The Trump administration’s effort to block an undocumented teen’s abortion failed, but it served to re-energize both sides in the decades-old debate.
A 17-year-old immigrant in federal custody has been able to obtain an abortion Wednesday, the legal director of Jane’s Due Process confirmed.
WASHINGTON — The Trump administration’s effort to block an undocumented teenager from getting an abortion ended Wednesday, but it served to re-energize both sides in the decades-long battle over reproductive rights.
Armed with a 6-3 ruling from the U.S. Court of Appeals for the District of Columbia Circuit, the girl known in court papers as Jane Doe was allowed to leave a federal shelter in Texas for the abortion she requested a month ago.
Lawyers for the 17-year-old girl had argued since her detention in September that she had a constitutional right to get an abortion under several Supreme Court precedents — from the 1973 case of Roe v. Wade that legalized abortion to last year’s decision striking down a Texas law that imposed harsh requirements on abortion clinics.
The Justice Department did not dispute that basic constitutional right but contended it did not have to facilitate the abortion by freeing her from federal custody. If she wanted the abortion, the government said, she could leave the country voluntarily or find a custodial sponsor.
In a flurry of court rulings this month, a federal district judge ruled in her favor, a three-judge appeals court panel reversed that decision, and the full appeals court reversed its own panel. Six judges named by Democratic presidents ruled the girl had an “unchallenged right under the Due Process Clause” of the Constitution, Judge Patricia Millett said.
Three judges named by Republican presidents disagreed, with Judge Karen Henderson arguing she lacked any constitutional right and two others saying the government’s effort to find a sponsor was reasonable.
Wednesday’s abortion made the legal case moot. But what’s far from moot is the continuing legal, cultural and political battle over abortion, a fight the Trump administration has made clear it will wage by nominating anti-abortion judges, rolling back requirements that insurers offer free coverage for contraception under Obamacare, and other means.
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“Justice prevailed today for Jane Doe. But make no mistake about it, the administration’s efforts to interfere in women’s decisions won’t stop with Jane,” said Brigitte Amiri, senior staff attorney with the American Civil Liberties Union, which represented the teenager in court. “With this case, we have seen the astounding lengths this administration will go to block women from abortion care.”
In Jane Doe’s case, that included visiting an anti-abortion crisis pregnancy center, where she was encouraged to continue the pregnancy.
“People I don’t even know are trying to make me change my mind,” she said in a statement released Wednesday by her court-appointed guardian. “I made my decision, and that is between me and God.”
Groups that oppose abortion were encouraged by the administration’s stance. Steven Aden, general counsel at Americans United for Life, called it “a life-affirming policy” in line with the Hyde Amendment, which bars the use of federal funds to pay for abortion in most circumstances.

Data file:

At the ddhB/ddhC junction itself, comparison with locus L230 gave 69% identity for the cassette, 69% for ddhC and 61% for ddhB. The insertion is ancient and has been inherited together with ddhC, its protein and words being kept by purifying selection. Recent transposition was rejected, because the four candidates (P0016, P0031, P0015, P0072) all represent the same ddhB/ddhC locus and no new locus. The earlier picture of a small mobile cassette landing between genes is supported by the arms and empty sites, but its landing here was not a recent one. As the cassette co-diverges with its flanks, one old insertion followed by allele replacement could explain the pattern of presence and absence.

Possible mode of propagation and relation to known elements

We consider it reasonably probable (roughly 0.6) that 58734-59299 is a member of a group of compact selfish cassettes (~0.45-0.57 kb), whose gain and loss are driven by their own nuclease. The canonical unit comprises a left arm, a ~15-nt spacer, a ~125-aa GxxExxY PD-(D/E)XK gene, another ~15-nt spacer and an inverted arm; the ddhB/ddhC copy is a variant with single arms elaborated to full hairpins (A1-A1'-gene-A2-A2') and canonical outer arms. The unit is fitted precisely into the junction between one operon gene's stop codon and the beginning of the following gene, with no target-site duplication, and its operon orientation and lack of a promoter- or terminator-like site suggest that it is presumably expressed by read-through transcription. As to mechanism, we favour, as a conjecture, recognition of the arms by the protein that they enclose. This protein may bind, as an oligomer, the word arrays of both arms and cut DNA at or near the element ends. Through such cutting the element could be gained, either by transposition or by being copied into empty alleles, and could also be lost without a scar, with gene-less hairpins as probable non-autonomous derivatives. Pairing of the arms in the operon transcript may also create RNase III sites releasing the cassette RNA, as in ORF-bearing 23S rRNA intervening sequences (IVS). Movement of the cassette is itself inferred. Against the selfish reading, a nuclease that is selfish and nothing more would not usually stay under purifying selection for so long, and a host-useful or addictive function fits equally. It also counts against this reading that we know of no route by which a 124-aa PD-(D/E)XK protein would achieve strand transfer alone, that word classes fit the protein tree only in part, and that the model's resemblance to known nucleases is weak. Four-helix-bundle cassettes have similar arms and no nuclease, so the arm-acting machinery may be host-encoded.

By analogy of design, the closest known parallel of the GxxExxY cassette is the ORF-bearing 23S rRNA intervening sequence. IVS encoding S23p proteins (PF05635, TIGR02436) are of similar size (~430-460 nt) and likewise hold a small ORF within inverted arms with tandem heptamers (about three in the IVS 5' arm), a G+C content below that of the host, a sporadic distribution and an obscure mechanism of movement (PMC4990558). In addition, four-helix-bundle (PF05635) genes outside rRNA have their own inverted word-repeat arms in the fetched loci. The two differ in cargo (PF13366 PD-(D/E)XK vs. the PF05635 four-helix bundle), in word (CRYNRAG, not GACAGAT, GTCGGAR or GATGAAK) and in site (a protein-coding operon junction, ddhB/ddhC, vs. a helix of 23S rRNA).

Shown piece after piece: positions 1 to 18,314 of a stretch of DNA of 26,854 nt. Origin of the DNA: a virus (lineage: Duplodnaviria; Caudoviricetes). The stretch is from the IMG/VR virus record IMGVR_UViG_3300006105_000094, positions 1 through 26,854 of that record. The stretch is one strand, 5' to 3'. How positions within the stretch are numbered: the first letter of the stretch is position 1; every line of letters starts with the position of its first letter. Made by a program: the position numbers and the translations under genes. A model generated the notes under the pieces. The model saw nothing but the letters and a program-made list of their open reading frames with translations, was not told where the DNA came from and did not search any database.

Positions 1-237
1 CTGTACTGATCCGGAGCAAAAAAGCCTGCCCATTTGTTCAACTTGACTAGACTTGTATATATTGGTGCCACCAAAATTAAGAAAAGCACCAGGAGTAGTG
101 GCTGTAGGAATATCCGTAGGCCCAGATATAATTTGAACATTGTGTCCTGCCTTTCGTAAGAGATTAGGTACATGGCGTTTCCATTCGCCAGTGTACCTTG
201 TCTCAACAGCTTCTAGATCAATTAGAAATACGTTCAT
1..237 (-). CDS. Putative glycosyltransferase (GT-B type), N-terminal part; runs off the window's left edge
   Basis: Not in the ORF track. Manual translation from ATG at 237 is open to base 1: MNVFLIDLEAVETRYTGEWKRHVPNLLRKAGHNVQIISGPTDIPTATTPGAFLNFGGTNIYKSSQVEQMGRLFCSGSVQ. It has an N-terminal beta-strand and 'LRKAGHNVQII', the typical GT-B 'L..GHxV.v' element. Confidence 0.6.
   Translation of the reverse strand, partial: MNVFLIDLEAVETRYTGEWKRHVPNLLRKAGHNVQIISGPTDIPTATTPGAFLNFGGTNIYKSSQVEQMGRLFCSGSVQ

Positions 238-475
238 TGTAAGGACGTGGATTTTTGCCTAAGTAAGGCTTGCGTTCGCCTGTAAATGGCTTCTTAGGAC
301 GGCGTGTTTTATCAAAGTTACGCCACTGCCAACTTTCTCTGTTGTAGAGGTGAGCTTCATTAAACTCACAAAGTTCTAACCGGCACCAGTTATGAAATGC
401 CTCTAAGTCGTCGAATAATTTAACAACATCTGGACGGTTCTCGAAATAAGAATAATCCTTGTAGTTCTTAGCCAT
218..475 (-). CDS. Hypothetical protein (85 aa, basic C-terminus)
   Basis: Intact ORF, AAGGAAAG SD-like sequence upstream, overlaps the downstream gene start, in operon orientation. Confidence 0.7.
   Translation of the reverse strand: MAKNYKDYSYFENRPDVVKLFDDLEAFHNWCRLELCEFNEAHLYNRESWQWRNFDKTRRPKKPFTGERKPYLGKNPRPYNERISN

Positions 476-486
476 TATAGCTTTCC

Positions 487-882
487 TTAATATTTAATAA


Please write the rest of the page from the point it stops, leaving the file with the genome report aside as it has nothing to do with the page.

If the administration had acquiesced from the beginning, Aden said, it would send a message to women in countries with tougher laws against abortion. “That would make the United States a kind of abortion destination,” he said.
“We hope that the Trump administration will continue to fight to protect the lives of all on U.S. soil,” said Kristan Hawkins, president of Students for LIfe. “The U.S. should not become the abortion capital of the world.”
The only people who could be affected directly by the appeals court’s decision Tuesday are unaccompanied, pregnant minors in federal custody — a population believed to be in the hundreds, Amiri said.
The administration did not contend that it could prevent women in prison from obtaining abortions because they do not have the same option to leave the country. But in court papers, it made sweeping statements that could apply to other legislative or regulatory initiatives.
“The government may legitimately express a preference for childbirth over abortion, even if such a preference may have practical effects or limits on a woman’s exercise of her right to an abortion,” the Justice Department argued.
Kathryn Kolbert, who in 1992 represented Planned Parenthood in the landmark Supreme Court case Planned Parenthood v. Casey, which reaffirmed abortion rights but allowed some state restrictions, said anti-abortion efforts frequently target “the weakest link” — women who are poor or young or in the country illegally.
Fueled by the administration’s initial refusal to facilitate the teenager’s abortion, Kolbert said, “Those who oppose abortion will take every indicia of resistance to heart and continue to throw up roadblocks.”
With the right to abortion ingrained in past Supreme Court decisions, the administration’s efforts are focused both narrowly on federal programs such as Obamacare and broadly through the judicial nomination process.
“They’re putting all of the power of the government toward promoting childbirth,” said Gretchen Borchelt, vice president for reproductive rights and health at the National Women’s Law Center. “That really means keeping women from having access to birth control or abortion.”